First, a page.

Employment Tax & Reward - Key Objectives for 2019/2020
Tax and reward is in an area that requires ongoing attention, particularly at a time of political and economic change.
FIVE KEY OBJECTIVES
From an Employment Tax & Reward perspective, there are five key areas that we are helping organisations with in the 2019-20 tax year:
1) Employment Status
A headline topic with changes to be introduced from 6 April 2020. Organisations need to take action to ensure they have robust governance in place to manage this risk area but also to help attract and engage the best talent available so their business can continue to grow.
If you engage individuals or Personal Service Companies off payroll, please do get in touch. Our Tax Talk articles (including this one) provide helpful background reading. We can help put a plan in place, review your compliance and enhance processes so that you are ready for 6 April 2020.
2) National Minimum Wage
This remains a key technical area given HMRC and the Government’s focus on this over recent years. Our team has significant experience helping organisations from all sectors manage their compliance and respond to HMRC enquiries.
It is often the case that technicalities involving deductions from pay, salary sacrifice, pay periods, payments being made for certain items and worker status are giving rise to NMW non-compliance which can lead to fines of up to £20,000 per worker and being named and “shamed” on the Government website. We can help organisations navigate and comply, particularly given the context of recent tribunals (Middlesbrough FC), challenges (Iceland) and proposed changes (recent Consultations into salaried worker status and salary sacrifice).
Alongside this, considering NMW as part of pay and reward strategy is important given the need to manage pay differentials and ensure there are financial rewards for progressing within employment.
3) Pension Salary Sacrifice
All organisations in the UK are now required to ensure employees have at least 8% of their pensionable pay going to their pension from April 2019, with the employer required to contribute at least 3% of this.
This has meant increasing costs for both the employer and employee of participating in a pension scheme. To help reduce these costs and increase employee net pay, introducing Pension Salary Sacrifice can help as it means:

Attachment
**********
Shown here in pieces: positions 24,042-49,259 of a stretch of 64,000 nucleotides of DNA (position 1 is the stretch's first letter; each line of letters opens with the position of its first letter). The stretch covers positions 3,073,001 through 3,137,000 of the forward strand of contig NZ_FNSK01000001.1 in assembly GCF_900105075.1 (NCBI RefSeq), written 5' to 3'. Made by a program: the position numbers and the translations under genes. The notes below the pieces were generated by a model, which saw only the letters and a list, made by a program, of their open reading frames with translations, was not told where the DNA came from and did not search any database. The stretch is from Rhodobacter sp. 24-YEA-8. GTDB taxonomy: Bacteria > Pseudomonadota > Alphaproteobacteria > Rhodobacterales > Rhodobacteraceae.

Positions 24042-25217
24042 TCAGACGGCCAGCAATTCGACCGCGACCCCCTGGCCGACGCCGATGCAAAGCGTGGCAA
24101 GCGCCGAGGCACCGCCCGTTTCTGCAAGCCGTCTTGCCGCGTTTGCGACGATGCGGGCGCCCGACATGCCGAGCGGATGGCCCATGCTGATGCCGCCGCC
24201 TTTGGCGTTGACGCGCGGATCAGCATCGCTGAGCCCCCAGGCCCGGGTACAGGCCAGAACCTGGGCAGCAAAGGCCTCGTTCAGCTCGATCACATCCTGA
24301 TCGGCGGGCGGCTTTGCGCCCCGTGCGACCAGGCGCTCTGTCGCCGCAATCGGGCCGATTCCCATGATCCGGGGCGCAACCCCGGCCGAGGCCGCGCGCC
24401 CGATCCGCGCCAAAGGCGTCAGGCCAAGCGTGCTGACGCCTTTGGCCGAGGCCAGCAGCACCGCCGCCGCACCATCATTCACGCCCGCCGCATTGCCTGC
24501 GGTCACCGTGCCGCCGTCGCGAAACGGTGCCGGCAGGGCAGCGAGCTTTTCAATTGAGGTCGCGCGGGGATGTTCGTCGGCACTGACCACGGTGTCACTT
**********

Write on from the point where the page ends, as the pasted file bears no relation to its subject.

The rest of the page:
- Employers can reduce their National Insurance costs; and
- Employees can increase net pay each pay period by reducing employee National Insurance costs
For example, if an employee makes annual employee pension contributions of £1,000, the employer will save £138 per year and the employee will save £120 per year (if paying NIC at 12%).Therefore, an organisation can make significant savings and we can help you implement efficiently and effectively within the 2019-20 tax year to realise those savings as soon as possible.
4) HMRC compliance – Payroll, Expenses and Benefits
If you have not had a HMRC PAYE review in the past three years, it is likely you will receive one shortly. HMRC is carrying out more reviews into organisations’ compliance with expenses, benefits, termination payments and payroll. It is there important ,regardless of whether you are a small family business, public sector body or a listed company, to ensure you have robust and effective controls in place.
HMRC has a range of different approaches to reviews depending on organisation size and sector and we can help you prepare carefully. Key topic areas recently have included Payments in Lieu of Notice, permanent and temporary workplaces, staff entertaining, payments to Non-Executive Directors and company vehicles (e.g. is it a van or a car?).
5) Pay & Reward Strategy
It is a key time to ensure you are best placed to attract and retain the best talent. Identifying your current pay and reward structure and reviewing how attractive this is, as well as looking at how it be enhanced is proving to be a growing area of importance, especially when looking at the wider context of Brexit, transparency (Gender Pay Gap), increased National Minimum Wage rates (how do you help differentiate reward at different levels?) and the Employment Status debate.
Understanding how reward is also communicated and considered by employees is critical too – looking at non-cash reward, cash (bonuses, salary etc) and other less tangible reward aspects is important (including the office culture, agile working etc).
Lastly, for those organisations within the construction and housing sector, managing Construction Industry Scheme compliance is vital, particularly given the introduction of the VAT Reverse Charge from October 2019.
Our Employment Tax & Reward team is on-hand to provide whatever level of assistance is required. Please let us know if you would like to discuss the matters highlighted.